AUSTIN -- A speech delivered by Rick Perry in New Hampshire has many wondering at the Texas Governor's sudden sense of humor after edited clips went viral over the weekend.
The campaign says Perry was just "passionate about the issues" when he spoke Friday at a banquet sponsored by conservative advocacy group Cornerstone. Whatever the explanation, the video shows a side of Rick Perry that is taking many by surprise.
"Everybody's got their little slogan, right?" Perry joked as he referred to his recently announced "Cut, Balance and Grow" tax plan. "Even Tim Geithner can get his taxes in on time with this, I'm telling you!"
While appealing for donations, Perry laughingly invited his audience to contribute gold as well as cash to the campaign.
"If they print any more money over there in Washington, the gold's gonna be good," he said.
The Texas Governor even had some sport with the official slogan of the Granite State, comparing it to the famous words written by William Barrett Travis during the siege of the Alamo.
"We're kinda into those slogans man," exclaimed Perry. "It's like, 'Live free or die, victory or death.' Bring it!"
Perry's effusive demeanor has even caught many long familiar with the Texas candidate by surprise. Harvey Kronberg, writer and editor of the Quorum Report, explained.
"More so than the actual content and tone of it is the contrast with how he normally is as a candidate, which is very focused, very on message, and very much in control," Kronberg said.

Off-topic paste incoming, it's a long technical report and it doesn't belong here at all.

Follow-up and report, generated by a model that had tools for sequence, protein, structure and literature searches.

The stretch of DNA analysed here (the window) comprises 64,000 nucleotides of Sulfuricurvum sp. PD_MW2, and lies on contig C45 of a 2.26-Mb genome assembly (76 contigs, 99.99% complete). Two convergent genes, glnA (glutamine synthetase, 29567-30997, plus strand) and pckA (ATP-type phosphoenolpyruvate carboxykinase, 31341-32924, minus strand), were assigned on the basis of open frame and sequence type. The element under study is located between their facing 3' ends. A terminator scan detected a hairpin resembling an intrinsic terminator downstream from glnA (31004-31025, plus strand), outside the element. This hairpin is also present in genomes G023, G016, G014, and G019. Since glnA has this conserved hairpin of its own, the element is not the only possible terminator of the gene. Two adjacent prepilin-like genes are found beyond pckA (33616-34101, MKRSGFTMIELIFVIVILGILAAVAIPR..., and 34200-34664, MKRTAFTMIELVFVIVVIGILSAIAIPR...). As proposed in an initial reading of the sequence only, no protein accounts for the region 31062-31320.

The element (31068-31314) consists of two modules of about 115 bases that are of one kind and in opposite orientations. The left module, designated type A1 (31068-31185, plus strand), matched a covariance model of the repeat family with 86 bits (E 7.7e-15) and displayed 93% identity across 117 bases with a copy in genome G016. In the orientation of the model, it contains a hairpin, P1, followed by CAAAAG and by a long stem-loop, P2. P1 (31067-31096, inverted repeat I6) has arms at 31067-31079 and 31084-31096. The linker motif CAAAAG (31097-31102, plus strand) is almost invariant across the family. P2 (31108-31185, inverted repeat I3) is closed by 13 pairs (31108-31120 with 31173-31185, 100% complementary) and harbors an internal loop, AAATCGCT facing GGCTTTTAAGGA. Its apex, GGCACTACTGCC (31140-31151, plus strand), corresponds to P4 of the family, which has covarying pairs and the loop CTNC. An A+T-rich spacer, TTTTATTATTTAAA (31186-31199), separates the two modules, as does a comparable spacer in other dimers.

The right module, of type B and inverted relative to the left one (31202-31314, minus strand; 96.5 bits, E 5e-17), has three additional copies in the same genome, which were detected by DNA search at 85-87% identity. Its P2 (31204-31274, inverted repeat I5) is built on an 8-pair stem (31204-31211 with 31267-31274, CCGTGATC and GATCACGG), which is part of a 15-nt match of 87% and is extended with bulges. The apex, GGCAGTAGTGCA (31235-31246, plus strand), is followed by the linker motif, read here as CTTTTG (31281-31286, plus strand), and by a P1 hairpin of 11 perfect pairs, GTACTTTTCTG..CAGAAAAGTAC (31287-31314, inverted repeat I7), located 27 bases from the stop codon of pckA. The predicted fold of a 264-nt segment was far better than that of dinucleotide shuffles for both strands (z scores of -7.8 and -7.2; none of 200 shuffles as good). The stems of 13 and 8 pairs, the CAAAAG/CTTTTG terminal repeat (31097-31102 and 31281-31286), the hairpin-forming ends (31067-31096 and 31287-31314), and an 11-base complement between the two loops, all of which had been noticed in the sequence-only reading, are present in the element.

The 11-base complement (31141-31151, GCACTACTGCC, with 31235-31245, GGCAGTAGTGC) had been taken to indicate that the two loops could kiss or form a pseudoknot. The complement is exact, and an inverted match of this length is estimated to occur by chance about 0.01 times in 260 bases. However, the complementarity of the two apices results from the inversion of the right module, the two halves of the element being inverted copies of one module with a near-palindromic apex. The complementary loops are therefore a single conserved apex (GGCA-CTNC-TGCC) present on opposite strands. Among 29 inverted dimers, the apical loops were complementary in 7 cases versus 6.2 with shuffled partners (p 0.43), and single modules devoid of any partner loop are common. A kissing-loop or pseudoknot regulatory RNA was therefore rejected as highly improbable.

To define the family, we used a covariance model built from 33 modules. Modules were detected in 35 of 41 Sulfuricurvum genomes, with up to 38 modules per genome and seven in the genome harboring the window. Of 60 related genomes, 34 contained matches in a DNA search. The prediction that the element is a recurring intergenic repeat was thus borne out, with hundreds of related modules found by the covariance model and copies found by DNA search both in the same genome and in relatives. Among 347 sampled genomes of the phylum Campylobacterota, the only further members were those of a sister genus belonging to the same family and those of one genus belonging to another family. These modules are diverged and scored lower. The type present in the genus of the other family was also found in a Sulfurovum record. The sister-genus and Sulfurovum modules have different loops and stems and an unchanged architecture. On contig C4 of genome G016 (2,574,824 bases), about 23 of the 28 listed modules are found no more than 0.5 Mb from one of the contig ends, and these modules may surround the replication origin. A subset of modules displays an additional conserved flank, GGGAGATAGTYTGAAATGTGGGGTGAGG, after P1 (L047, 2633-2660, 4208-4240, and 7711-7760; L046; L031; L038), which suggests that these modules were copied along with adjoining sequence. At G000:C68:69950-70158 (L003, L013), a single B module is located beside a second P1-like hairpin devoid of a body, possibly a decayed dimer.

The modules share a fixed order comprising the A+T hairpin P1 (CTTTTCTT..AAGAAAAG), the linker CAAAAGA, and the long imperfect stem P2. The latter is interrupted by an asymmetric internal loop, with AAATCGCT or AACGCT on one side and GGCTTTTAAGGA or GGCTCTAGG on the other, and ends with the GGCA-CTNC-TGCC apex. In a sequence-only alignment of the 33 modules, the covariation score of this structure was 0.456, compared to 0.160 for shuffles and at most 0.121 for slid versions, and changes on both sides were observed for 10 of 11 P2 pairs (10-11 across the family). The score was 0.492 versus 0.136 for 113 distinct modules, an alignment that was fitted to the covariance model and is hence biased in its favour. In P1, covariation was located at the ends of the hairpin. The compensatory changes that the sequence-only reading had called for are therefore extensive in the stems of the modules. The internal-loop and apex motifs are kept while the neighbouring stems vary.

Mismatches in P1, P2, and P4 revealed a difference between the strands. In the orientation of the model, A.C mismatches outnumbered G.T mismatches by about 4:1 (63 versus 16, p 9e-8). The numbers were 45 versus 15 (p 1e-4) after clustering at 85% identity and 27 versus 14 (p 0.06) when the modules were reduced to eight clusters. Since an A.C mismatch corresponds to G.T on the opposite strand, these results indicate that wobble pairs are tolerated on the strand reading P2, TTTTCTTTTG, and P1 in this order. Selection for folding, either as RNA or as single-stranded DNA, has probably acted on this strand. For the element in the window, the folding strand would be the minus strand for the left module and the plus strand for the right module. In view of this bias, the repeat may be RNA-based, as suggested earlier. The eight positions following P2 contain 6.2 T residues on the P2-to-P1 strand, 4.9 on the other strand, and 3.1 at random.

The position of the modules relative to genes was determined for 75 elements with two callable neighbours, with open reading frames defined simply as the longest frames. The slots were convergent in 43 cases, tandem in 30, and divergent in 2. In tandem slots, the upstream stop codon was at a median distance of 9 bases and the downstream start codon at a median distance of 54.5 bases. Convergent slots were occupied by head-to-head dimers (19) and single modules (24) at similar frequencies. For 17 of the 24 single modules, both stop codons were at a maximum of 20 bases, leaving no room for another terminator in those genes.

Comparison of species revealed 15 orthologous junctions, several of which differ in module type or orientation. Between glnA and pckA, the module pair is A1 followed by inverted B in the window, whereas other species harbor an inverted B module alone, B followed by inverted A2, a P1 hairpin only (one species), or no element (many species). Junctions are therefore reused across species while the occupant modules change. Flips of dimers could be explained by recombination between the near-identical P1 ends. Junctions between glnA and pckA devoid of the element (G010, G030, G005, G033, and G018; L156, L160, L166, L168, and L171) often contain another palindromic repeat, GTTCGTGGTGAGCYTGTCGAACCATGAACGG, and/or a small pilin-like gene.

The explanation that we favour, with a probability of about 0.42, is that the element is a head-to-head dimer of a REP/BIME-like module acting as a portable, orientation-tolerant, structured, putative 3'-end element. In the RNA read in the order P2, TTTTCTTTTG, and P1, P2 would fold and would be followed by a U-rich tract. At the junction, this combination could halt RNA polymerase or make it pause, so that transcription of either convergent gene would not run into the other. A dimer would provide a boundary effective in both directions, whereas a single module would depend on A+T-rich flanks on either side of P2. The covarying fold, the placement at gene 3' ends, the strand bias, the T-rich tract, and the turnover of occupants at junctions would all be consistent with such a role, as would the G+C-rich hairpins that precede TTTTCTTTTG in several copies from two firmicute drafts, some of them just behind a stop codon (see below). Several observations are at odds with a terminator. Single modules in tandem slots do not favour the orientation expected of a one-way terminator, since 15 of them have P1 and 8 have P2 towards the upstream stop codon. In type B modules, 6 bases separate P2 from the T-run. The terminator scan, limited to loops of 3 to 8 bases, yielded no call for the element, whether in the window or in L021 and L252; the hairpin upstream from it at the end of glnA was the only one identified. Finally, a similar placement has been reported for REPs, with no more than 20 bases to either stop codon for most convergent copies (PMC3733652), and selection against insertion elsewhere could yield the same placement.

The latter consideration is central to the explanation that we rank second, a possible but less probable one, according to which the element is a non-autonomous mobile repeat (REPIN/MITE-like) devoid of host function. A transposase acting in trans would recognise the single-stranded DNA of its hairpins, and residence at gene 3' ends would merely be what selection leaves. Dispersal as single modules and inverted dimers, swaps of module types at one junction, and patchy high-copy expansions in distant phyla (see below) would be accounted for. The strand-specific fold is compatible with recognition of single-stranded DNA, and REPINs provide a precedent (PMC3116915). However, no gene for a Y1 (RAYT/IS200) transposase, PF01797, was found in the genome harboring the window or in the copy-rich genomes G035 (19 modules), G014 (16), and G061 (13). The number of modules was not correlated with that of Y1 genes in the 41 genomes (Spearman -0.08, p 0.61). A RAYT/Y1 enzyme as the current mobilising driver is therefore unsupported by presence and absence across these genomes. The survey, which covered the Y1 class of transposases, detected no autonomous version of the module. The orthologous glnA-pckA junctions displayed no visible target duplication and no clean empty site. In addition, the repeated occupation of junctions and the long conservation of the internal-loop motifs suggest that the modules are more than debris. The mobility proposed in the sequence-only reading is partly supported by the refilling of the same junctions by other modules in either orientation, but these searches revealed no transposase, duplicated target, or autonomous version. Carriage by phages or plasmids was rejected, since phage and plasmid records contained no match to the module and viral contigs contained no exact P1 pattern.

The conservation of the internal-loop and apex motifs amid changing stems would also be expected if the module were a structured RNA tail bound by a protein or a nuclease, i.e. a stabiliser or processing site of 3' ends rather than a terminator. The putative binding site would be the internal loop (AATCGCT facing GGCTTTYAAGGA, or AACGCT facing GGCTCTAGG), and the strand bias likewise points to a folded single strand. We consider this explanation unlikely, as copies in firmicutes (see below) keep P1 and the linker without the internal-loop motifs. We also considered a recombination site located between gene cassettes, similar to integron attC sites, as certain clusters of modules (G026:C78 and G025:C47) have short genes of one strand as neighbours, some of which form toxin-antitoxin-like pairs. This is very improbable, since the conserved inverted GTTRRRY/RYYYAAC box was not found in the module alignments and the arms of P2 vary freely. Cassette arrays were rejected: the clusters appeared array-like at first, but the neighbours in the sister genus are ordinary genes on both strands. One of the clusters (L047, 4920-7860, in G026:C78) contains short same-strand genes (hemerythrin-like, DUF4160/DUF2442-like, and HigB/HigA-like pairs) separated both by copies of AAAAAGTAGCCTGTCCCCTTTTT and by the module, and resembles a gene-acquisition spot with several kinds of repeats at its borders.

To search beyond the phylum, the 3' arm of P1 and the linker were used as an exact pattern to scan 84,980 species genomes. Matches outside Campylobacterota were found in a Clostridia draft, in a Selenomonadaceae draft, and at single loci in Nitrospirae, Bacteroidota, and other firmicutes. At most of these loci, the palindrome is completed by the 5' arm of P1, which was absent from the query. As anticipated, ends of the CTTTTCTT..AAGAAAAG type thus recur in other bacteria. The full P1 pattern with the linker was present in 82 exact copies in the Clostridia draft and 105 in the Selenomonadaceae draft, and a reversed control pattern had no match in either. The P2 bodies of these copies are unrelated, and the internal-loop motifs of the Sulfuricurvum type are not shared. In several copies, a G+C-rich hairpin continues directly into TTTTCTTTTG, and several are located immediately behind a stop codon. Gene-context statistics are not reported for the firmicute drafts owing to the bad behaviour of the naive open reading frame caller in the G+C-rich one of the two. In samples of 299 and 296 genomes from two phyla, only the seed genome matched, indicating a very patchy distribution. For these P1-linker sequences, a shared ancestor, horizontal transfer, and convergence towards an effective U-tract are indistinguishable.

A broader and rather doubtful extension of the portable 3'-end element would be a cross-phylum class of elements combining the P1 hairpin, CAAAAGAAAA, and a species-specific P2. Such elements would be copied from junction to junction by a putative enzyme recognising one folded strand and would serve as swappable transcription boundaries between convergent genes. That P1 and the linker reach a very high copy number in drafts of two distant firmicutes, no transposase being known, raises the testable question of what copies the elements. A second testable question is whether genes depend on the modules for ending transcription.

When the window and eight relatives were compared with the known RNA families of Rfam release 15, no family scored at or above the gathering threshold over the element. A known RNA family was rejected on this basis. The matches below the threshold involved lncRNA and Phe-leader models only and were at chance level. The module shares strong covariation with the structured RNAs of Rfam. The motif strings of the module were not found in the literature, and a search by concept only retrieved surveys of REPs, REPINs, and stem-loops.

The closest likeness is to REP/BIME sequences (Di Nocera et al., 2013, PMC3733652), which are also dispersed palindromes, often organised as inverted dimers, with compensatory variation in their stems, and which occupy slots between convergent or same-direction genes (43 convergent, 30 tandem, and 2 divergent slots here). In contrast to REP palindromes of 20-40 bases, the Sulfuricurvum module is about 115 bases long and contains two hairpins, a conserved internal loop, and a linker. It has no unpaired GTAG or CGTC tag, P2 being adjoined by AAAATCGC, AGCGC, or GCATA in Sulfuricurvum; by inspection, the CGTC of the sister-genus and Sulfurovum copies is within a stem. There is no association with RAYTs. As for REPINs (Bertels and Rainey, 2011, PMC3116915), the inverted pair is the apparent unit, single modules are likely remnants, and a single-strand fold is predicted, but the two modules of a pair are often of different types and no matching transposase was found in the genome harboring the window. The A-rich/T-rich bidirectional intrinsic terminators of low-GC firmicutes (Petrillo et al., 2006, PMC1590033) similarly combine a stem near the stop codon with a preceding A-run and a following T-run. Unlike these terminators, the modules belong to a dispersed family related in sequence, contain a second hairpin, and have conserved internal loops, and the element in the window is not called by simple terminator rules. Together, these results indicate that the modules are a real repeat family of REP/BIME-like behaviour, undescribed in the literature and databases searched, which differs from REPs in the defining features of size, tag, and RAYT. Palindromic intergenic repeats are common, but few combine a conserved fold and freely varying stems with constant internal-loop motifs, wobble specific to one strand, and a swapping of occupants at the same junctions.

Context is key, and the clips show just parts of a 25-minute-long speech. At Austin's Saint Edward's University, political science professor Brian Smith says viewed as a whole, Perry's speech may tell a somewhat different story than the edited clips suggest.
"He's trying to contrast himself with Romney who's 'Mr. Serious,' 'Mr. Straight-laced,' 'Mr. Shirt and Tie,'" said Smith. "He looks just like somebody trying to get a laugh and sometimes doing well and sometimes going a little overboard, and it not working. Slapstick isn't what we want from a president."
Many candidates have cut loose before and the results haven't always been positive. Many blamed Howard Dean's excited outburst following a third place showing in the 2004 Iowa Democratic Caucus for effectively ending the Vermont governor's presidential campaign.
"For Governor Perry, this could be his moment," said Smith.
The latest poll by the University of Texas and the Texas Tribune shows Perry just behind Herman Cain in Texas, with 26 percent of likely Republican voters compared to Cain's 27 percent -- within the 4.93 percent margin of error. The poll puts Ron Paul in third place with 12 percent, ahead of Mitt Romney in fourth with nine percent.
Of course with plenty of time and cash still on his side, the undefeated Texas politician may yet have the last laugh.